Prior to the sight, even before entering the building, there’s the sound. A mechanic yet monstrous noise made by Tadeusz Kantor’s “Annihilation Machine”: foldable wooden chairs arranged in a mechanism that make them bump against each other. The scenography for the play “The Madman and the Nun” (1963) was one of Kantor’s many devices to rearrange the viewer’s perception of the world. When the machine was turned on, the dialogues would become inaudible, and all possible meaning was lost.
Experiencing the exhibition Máquina Tadeusz Kantor [“Tadeusz Kantor Machine”] is much like drifting in a maze. The show occupies almost 21,500 square feet, divided in two areas of the Sesc Consolação: the ground floor, where we find the aforementioned machine, documentary films, books, documentation and installations, and the Red Gym, which was transformed into a two-story set for the Polish artist’s dismal universe. Paintings, drawings, objects, projects, documentation of plays and happenings, original pieces of scenography, facsimiles and quotes are all placed side by side, in a space constantly activated by performers, that is also stage for a complementary program of theater plays and conferences.
Tadeusz Kantor began his career as a painter. It was in this context that he was first introduced to Brazil, in the 9th Bienal de São Paulo (1967), when he showed alongside names like Jasper Johns and Carlos Cruz-Diez. Despite the honor, he didn’t make much of a mark in the country’s culture back then. It was by his theatrical production that he became known in Brazil, especially for being a major influence on one of the most prominent figures of Brazilian drama, Antunes Filho.
“Tadeusz Kantor Machine” rightly allows the public to get immersed in the whole of the artist’s complex universe, without privileging any particular language or media. In a different way than that conceived by Wagner, Kantor deployed the concept of Gesamtkunstwerk to create a multiple and intertwined body of work. His paintings can’t be fully appreciated without knowing his experimental production with Cricot2 Theatre, where plastic elements could be as relevant as the actors. In a typical avant-garde ethos, which he maintained to the end of his life, Kantor not only eroded frontiers between singular artistic manifestations, but also between art and life. By creating an immersive experience that doesn’t take in account traditional division between languages and media, the curators honored Kantor’s production, respecting the fact that in a complex system we cannot apprehend its parts without understanding the whole.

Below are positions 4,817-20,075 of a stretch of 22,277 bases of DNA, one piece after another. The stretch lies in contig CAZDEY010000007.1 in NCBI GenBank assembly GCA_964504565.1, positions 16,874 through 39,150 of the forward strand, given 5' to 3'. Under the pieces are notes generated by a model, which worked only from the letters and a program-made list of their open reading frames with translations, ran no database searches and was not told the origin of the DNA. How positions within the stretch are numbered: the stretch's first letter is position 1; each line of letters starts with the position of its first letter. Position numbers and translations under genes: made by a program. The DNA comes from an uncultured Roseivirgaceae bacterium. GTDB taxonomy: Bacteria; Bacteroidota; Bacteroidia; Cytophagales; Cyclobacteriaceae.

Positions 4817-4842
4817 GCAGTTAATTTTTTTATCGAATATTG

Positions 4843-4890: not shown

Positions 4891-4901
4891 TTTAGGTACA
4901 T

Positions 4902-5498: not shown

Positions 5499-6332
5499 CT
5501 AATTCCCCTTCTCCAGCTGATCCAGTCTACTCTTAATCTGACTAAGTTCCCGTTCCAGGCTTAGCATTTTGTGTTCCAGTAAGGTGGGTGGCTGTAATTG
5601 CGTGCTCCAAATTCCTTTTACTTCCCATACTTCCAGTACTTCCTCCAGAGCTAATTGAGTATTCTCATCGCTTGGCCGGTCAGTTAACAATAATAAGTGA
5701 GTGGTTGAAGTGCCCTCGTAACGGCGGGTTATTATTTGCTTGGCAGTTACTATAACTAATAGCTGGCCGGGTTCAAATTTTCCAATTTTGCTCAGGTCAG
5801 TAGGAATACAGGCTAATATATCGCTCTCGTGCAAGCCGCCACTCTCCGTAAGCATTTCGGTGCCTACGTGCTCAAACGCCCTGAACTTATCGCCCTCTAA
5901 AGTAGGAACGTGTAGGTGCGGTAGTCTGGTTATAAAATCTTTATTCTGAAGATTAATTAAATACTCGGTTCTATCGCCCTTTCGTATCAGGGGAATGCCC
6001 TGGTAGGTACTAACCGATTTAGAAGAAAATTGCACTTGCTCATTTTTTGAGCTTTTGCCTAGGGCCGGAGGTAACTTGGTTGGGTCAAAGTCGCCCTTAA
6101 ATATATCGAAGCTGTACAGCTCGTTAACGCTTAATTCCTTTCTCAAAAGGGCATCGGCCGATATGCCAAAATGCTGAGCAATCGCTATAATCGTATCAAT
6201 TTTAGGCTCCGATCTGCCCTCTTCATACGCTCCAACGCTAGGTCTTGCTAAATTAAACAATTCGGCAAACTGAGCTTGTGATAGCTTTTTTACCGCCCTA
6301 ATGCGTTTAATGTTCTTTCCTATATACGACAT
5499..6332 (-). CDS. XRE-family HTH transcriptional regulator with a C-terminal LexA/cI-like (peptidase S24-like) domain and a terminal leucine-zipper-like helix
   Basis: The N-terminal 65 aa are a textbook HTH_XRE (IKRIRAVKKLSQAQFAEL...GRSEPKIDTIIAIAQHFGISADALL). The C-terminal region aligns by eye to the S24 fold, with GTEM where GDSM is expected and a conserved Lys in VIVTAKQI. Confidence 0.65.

Curated by Poland’s Jaros?aw Suchan (Muzeum Sztuki’s director) and Brazilians Ricardo Muniz Fernandes and Sebastião Milaré, the exhibition celebrates the one-hundredth anniversary of Kantor’s birth (he died in 1990) and announces the year of Poland in Brazil, to take place in 2016.
Through November 14, Sesc Consolação, Rua Dr. Vila Nova 245, São Paulo
Caroline Carrion (1986) is a São Paulo-based curator and art critic. She holds a degree in journalism from the University of Sao Paulo, where she is currently pursuing a second degree in philosophy, after having studied management et communications intercuturelles at Université Paris IV (Sorbonne). Caroline has been working in the art field since 2008 in different segments of the market, such as cultural centers, museums and art galleries. She has developed and coordinated the production of exhibitions, integrated publishing projects on contemporary art and has extensive experience with cultural journalism and institutional communication. In 2015, she curated “Eccoci!,” an urban-intervention project by artist Berna Reale held in public areas of scarce touristic access in Venice, during the opening and closing weeks of the 56th Venice Biennale; and was one of the emergent guest curators of the Prêmio CNI SESI SENAI Marcantonio Vilaça para as Artes Plásticas. She is the author of texts for exhibitions and artists books, presented in Brazil and abroad; and is a member of the PIPA prize 2016 Nominating Committee. She regularly writes for Newcity Brazil, and collaborates with the contemporary art platform My Art Guides.
Contact: [email protected]